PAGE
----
Ollie: Hasan, is Rinjani’s someone’s name? What does it mean?
Hasan: Yes, it is someone’s name
Ollie: Really, who?
Hasan: Rinjani
Ollie: (What a great answer!)

Reminds me of an old joke.
Teacher: Who can tell me what John Smith’s wife is called?
Student: Me, me!
Teacher: Great! What is it?
Student: Mrs. Smith

A handsome guy going to Pos 2

A handsome guy going to Pos 2

Climbing up to Pos 3

Climbing up to Pos 3

Monkeys of Lombok. Different to their Shing Mun cousins with the pink butts

Monkeys of Lombok. Different to their Shing Mun cousins with the pink butts

The Base Camp

The Base Camp

Clouds, Clouds everywhere

Clouds, Clouds everywhere

Posing near the Base Camp

Posing near the Base Camp

Nice colours

Nice colours

The trail was relatively easy until Pos 3 after which there was a pretty sharp incline all the way to the rim of the crater, aka the Base Camp. The Base Camp was literally a big row of tents flanked by big piles of garbage on either side. From the rim of the crater, we were suposed to see a spectacular backdrop of a volcanic lake but our view of the lake was instead replaced by white clouds. But, not ones to be perturbed by the uncontrollable forces of nature, we still imagined the lake in the backdrop and took ample selfies! After all, doesn’t beauty lie in the eyes of the beholder?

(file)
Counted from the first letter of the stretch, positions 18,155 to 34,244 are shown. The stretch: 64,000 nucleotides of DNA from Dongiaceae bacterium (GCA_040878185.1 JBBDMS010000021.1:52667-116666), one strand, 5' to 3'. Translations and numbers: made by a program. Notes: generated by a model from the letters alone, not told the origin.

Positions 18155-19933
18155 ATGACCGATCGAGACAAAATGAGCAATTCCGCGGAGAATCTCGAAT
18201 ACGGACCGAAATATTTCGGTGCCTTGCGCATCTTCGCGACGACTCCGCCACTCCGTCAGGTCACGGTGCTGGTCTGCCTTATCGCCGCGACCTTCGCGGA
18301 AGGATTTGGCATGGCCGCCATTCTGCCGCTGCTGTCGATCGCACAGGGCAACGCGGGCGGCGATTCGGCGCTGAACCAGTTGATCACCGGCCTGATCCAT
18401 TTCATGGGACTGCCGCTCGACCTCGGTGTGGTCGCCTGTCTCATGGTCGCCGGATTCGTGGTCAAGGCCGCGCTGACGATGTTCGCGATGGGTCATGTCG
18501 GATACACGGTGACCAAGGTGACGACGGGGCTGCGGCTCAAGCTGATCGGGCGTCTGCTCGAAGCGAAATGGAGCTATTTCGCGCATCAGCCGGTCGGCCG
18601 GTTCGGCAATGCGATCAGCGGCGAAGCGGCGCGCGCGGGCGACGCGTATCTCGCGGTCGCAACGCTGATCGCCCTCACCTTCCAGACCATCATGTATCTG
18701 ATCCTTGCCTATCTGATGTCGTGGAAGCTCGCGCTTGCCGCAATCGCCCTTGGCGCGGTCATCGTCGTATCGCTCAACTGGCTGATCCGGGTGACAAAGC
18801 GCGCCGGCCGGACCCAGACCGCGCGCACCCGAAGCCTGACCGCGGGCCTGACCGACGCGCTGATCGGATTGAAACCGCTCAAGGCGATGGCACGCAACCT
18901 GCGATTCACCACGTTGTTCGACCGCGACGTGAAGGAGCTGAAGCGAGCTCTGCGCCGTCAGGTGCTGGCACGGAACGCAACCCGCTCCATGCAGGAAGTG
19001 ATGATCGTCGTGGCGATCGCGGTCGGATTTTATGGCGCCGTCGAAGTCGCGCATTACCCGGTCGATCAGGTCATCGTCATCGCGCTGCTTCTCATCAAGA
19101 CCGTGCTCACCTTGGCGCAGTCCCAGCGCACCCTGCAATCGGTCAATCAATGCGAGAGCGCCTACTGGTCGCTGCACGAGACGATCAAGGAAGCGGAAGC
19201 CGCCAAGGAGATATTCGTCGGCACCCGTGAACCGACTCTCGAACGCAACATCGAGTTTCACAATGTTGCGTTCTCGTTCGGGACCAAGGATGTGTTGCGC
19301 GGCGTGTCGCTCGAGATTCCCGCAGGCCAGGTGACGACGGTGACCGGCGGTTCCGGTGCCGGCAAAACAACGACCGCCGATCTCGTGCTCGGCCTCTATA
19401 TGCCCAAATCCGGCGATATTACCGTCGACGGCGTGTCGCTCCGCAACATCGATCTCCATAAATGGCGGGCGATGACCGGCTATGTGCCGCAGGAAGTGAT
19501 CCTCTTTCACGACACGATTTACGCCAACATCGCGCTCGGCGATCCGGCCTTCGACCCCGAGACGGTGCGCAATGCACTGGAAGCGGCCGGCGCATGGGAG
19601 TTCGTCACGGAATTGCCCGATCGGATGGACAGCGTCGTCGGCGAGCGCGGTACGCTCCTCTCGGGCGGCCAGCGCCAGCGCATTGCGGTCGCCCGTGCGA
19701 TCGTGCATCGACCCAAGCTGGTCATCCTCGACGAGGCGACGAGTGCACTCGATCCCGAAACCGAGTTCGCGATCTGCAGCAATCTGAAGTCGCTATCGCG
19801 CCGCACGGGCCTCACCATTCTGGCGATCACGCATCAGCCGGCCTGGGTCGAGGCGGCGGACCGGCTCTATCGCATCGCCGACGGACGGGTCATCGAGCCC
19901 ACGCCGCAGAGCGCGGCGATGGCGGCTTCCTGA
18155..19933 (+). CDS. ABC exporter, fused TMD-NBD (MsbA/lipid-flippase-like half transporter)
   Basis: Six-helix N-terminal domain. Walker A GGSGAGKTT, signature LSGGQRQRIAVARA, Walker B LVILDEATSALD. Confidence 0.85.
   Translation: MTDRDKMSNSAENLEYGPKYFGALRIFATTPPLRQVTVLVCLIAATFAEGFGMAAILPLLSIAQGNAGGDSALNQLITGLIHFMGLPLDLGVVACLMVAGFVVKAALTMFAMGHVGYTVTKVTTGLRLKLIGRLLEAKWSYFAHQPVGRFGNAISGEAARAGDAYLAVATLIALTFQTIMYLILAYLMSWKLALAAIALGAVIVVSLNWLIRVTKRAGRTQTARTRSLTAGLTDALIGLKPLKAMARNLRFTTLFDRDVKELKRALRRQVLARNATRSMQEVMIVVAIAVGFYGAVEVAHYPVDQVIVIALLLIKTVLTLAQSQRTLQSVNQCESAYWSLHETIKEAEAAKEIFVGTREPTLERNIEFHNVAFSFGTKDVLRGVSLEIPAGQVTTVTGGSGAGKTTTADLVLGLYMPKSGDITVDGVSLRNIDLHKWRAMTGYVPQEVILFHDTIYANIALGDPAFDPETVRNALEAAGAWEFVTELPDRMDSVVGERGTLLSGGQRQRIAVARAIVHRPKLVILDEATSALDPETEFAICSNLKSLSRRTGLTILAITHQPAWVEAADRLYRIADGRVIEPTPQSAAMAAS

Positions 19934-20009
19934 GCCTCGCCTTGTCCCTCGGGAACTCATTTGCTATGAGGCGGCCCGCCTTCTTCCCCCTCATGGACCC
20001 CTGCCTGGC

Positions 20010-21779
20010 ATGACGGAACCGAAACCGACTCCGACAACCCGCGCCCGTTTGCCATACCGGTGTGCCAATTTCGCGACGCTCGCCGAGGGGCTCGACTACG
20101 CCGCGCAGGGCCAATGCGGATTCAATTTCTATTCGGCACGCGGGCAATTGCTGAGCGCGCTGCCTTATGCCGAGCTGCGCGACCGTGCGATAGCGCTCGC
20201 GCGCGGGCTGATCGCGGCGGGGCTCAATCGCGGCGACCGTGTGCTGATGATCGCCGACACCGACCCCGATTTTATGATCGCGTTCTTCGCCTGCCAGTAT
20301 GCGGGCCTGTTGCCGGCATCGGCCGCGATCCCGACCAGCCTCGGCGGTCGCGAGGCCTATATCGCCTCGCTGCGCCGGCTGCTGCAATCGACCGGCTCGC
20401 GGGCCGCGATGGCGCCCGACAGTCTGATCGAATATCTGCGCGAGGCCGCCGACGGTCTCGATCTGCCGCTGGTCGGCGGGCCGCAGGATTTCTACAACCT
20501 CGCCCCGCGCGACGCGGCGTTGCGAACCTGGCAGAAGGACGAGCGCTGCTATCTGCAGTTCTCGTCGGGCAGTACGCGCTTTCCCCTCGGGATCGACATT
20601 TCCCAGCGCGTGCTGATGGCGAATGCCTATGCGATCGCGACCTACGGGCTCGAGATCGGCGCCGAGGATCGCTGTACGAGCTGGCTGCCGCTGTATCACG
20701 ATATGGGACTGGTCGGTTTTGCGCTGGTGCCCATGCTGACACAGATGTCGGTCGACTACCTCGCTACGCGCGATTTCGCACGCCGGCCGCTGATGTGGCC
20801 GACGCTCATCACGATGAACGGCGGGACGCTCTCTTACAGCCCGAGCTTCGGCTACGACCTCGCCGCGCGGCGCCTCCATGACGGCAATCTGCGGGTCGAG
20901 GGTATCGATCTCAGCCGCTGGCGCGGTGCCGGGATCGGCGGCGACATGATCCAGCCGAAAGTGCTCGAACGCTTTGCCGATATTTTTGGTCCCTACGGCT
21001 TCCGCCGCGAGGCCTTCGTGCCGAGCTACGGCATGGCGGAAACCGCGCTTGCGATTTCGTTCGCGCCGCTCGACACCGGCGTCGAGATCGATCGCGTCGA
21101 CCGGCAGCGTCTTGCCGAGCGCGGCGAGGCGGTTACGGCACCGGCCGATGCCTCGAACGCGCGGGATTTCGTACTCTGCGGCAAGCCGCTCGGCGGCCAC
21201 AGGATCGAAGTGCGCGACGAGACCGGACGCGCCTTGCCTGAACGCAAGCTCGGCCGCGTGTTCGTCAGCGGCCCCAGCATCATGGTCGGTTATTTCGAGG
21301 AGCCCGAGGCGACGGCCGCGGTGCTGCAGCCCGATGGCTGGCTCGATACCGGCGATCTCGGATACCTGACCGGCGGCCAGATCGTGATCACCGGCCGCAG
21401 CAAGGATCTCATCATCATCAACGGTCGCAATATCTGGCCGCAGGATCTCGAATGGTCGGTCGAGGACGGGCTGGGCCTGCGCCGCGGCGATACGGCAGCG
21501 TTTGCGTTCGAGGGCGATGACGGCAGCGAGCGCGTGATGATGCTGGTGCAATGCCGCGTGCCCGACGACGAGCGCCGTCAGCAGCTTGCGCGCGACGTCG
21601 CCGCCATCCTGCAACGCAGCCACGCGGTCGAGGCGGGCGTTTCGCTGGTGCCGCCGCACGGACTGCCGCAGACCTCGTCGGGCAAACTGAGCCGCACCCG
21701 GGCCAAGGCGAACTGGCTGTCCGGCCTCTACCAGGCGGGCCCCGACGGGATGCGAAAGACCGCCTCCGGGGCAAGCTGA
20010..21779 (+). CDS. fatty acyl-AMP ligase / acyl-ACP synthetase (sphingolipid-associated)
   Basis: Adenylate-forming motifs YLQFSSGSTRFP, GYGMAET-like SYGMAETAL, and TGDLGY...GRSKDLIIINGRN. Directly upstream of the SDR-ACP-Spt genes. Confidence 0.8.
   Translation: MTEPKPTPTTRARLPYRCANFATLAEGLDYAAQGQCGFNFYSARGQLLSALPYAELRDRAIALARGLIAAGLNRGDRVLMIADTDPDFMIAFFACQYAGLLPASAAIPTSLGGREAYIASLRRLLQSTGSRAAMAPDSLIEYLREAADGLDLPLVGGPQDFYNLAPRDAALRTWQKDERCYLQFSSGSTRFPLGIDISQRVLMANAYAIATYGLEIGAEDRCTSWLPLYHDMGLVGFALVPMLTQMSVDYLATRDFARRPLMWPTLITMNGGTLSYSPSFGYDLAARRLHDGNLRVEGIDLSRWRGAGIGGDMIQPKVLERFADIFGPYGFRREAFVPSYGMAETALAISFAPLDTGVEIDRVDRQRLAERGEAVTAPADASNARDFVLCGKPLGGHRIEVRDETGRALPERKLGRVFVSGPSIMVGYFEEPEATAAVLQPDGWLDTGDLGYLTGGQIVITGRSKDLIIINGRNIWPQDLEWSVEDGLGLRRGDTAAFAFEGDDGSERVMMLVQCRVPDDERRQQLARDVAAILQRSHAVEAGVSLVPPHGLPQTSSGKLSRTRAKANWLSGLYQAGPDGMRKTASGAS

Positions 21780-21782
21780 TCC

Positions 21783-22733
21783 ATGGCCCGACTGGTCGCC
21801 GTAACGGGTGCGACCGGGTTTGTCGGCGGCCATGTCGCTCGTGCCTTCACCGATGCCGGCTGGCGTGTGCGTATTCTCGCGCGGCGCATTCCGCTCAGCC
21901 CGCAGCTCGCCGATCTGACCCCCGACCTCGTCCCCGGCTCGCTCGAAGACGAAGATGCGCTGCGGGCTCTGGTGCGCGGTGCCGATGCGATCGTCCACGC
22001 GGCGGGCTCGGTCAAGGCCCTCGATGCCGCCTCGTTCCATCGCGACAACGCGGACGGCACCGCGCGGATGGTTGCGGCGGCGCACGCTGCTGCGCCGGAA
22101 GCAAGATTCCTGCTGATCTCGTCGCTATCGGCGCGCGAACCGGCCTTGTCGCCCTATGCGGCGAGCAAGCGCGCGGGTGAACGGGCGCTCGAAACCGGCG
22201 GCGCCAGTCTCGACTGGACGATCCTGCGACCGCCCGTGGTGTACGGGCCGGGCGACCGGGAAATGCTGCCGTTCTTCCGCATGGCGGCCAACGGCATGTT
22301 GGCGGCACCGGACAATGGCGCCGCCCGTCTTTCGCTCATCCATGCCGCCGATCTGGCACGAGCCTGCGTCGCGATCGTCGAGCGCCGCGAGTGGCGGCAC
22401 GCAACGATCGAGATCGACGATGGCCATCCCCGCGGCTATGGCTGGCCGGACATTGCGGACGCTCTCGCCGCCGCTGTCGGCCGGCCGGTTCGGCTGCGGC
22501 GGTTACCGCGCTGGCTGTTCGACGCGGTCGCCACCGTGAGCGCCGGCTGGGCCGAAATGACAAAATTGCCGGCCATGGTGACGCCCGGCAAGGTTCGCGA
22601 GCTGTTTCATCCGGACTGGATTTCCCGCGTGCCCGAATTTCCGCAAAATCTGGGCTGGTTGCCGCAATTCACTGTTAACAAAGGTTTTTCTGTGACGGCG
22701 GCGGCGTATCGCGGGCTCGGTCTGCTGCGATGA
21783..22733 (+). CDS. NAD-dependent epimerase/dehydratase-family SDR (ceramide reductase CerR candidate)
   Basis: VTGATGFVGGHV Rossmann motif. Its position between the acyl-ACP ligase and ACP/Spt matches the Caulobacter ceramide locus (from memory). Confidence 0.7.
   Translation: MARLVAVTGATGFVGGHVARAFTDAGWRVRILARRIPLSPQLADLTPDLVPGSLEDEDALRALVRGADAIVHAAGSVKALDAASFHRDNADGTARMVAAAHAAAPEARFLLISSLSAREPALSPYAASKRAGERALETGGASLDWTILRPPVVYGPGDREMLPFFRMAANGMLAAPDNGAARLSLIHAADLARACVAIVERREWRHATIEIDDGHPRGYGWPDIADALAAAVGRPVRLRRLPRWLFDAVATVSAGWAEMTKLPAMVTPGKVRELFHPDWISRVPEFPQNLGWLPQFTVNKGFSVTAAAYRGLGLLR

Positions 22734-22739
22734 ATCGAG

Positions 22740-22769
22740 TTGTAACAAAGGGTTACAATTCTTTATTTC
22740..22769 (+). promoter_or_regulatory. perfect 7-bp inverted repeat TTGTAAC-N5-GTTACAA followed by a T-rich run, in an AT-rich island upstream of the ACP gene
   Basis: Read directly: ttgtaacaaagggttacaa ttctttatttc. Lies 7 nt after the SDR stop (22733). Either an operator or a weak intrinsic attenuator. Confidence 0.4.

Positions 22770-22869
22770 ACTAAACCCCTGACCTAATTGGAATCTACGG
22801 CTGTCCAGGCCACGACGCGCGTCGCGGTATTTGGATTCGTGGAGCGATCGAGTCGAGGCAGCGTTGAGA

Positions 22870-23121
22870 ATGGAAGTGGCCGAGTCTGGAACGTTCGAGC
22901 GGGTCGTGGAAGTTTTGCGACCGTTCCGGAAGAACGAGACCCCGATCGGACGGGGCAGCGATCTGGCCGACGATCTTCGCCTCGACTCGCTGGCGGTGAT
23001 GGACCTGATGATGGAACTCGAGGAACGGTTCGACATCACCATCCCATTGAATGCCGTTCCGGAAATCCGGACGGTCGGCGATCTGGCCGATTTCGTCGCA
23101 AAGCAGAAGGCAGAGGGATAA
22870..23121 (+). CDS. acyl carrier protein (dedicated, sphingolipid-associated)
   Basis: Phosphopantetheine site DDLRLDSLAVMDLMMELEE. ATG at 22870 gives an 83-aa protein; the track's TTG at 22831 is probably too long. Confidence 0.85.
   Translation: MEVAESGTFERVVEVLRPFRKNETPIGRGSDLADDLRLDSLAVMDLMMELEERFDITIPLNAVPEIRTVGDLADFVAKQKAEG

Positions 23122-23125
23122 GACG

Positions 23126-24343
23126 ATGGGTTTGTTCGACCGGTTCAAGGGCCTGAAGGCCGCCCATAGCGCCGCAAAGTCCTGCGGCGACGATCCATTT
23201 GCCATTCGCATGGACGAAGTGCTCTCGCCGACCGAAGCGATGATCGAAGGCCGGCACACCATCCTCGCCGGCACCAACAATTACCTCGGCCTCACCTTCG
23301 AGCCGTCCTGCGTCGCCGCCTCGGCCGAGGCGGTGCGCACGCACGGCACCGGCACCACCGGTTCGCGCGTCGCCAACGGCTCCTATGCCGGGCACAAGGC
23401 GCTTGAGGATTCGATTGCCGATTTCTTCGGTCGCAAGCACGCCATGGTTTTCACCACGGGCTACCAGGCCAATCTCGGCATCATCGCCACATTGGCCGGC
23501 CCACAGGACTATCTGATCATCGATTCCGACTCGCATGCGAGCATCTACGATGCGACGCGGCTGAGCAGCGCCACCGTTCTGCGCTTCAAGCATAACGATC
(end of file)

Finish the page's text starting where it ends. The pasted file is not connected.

Base Camp to the Summit:
Our guide who quoted 7 hours to get to the Base Camp, i.e., the rim of the crater, was pleasantly surprised to find out that it only took us 3 hours to get there. We told him that we wanted to summit which is when he said that our “program” at 400k didn’t involve a guide service to the summit. 250k more did it! (Our 650k -guide fee for the three of us- plus 150k -each person at the tourist center for the “entry ticket”- was still way cheaper than the 2M it would have cost to do the boilerplate “one night two days” tour). And about that “one night two days” Rinjani tour, I don’t think the money would have been so much a dampening factor for me, instead staying at the Base Camp amidst the smell of garbage, pee and you-know-what would have flushed that idea!